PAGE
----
Jefferson's Nephews: A Frontier Tragedy

By Boynton Merrill Jr. | Go to book overview
Save to active project


DURING THE Revolution there had been chaos in the American economy. One of the most distressing problems was the severe inflation in paper money, which became acute as the war dragged on. Scarcity of goods was one factor and the over-printing, of nearly forty million pounds worth, of continental dollars was another. Equally important was the huge counterfeiting operation run by the British. The bogus bills were given away gratis in immense sums at New York to anyone who was greedy enough to run the risk.1

At that time in Virginia the exchange rate was five hundred paper dollars for one gold guinea, an inflation factor of at least one hundred times.2

The farm economy in Albemarle was also in a state of upheaval during the Revolution. The English market for tobacco had disappeared, and Virginia's primary source of income had gone with it. General shortages of food and fiber dictated that farm production be shifted away from tobacco in favor of food and cloth, even though this change involved the loss of a certain prestige to “planters,” who grew tobacco, as opposed to “farmers,” who raised food products.3 At the very time when wheat was most needed, for three successive years, from 1777 to 1779, the Albemarle crop was nearly destroyed by weevils.4

The people of Albemarle, who at first had objected to the arrival of the four thousand British prisoners at the Barracks because they feared a local famine, realized before long that the prisoners were an economic asset to the area. During 1779 a supply system was set up for the prisoners and guards and, even though shortages appeared during the next year, there is little doubt that Albemarle was comparatively prosperous during the two years that the prisoners were there. Farmers, tradesmen, merchants, and, in fact, anyone who had anything to sell to the prisoners or the guard regiments, profited from this sizable nearby market. The prisoners could testify to this, for they felt unanimously that the prices charged for food were outrageously high.5 The people of Albemarle were quite willing to supply the troops and guards with provisions on credit. Although in some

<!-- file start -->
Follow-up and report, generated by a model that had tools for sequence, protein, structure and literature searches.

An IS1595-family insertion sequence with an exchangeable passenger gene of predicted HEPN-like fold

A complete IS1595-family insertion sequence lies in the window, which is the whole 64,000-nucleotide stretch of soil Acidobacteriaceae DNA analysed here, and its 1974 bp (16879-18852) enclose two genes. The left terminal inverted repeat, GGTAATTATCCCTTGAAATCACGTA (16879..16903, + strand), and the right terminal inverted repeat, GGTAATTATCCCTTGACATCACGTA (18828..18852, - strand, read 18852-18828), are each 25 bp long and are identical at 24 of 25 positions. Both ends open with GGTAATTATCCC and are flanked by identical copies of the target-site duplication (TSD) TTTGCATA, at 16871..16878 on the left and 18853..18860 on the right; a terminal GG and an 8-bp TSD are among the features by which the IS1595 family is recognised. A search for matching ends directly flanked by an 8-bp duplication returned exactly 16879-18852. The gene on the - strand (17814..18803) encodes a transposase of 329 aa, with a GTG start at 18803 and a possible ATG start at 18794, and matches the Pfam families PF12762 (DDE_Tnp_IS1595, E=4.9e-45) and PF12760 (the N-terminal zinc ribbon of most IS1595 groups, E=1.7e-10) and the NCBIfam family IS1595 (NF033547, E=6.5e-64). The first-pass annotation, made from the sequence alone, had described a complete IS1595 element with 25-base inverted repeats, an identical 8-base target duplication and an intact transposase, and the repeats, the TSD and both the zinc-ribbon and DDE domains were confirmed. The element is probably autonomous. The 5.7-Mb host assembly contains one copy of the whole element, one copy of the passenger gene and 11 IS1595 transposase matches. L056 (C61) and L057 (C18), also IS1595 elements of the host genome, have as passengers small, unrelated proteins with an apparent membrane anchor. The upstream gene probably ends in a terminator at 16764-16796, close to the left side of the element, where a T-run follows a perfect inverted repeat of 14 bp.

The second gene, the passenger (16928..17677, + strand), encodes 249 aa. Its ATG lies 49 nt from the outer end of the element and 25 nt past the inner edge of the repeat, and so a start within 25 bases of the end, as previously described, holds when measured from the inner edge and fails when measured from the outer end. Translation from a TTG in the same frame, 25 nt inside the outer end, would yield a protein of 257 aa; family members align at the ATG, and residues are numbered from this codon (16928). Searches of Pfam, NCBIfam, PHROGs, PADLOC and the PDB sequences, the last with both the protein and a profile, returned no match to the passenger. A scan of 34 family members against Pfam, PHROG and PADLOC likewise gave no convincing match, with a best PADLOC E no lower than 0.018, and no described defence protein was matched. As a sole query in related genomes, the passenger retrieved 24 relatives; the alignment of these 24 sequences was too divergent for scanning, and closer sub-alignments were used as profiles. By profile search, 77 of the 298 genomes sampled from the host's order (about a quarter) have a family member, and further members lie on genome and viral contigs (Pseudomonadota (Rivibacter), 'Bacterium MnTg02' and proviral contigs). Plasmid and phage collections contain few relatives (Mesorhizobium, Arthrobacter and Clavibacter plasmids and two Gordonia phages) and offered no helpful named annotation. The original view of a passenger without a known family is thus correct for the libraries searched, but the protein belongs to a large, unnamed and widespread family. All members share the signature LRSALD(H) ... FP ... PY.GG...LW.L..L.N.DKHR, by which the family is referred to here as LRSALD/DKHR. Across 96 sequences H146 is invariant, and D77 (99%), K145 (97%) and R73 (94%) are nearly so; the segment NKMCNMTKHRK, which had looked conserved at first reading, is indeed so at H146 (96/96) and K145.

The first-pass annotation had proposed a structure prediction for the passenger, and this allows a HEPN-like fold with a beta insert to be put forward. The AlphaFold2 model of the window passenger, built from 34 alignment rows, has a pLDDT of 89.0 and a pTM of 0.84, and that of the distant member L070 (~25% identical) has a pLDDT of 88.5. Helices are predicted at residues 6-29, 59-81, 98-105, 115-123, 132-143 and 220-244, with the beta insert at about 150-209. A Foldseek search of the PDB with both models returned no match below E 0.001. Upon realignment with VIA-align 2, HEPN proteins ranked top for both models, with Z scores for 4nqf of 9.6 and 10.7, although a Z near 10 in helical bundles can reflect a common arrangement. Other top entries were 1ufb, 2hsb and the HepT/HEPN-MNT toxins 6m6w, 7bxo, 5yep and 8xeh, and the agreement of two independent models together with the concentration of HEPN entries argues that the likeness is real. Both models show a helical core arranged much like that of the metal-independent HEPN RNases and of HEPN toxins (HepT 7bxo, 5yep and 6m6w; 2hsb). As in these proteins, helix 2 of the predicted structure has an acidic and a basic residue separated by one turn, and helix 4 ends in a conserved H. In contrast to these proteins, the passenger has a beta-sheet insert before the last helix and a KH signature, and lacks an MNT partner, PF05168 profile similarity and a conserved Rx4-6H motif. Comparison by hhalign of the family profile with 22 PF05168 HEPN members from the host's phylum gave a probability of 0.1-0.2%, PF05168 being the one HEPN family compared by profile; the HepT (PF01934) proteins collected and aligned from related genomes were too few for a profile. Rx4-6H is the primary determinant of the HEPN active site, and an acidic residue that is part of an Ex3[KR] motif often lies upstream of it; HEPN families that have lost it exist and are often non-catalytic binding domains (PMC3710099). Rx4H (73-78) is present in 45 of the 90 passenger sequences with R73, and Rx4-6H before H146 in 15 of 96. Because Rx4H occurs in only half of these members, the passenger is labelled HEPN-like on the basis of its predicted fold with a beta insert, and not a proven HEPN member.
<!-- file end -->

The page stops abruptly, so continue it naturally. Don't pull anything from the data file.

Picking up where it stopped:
Notes for this page

Add a new note
If you are trying to select text to create highlights or citations, remember that you must now click or tap on the first word, and then click or tap on the last word.
Loading One moment ...
Project items
Cite this page

Cited page

Citations are available only to our active members.
Sign up now to cite pages or passages in MLA, APA and Chicago citation styles.

Cited page

Bookmark this page
Jefferson's Nephews: A Frontier Tragedy


Text size Smaller Larger
Search within

Search within this book

Look up

Look up a word

  • Dictionary
  • Thesaurus
Please submit a word or phrase above.
Print this page

Print this page

Why can't I print more than one page at a time?

While we understand printed pages are helpful to our users, this limitation is necessary to help protect our publishers' copyrighted material and prevent its unlawful distribution. We are sorry for any inconvenience.
Full screen
/ 462

matching results for page

Cited passage

Citations are available only to our active members.
Sign up now to cite pages or passages in MLA, APA and Chicago citation styles.

Cited passage

Welcome to the new Questia Reader

The Questia Reader has been updated to provide you with an even better online reading experience.  It is now 100% Responsive, which means you can read our books and articles on any sized device you wish.  All of your favorite tools like notes, highlights, and citations are still here, but the way you select text has been updated to be easier to use, especially on touchscreen devices.  Here's how:

1. Click or tap the first word you want to select.
2. Click or tap the last word you want to select.

OK, got it!

Thanks for trying Questia!

Please continue trying out our research tools, but please note, full functionality is available only to our active members.

Your work will be lost once you leave this Web page.

For full access in an ad-free environment, sign up now for a FREE, 1-day trial.

Already a member? Log in now.

Are you sure you want to delete this highlight?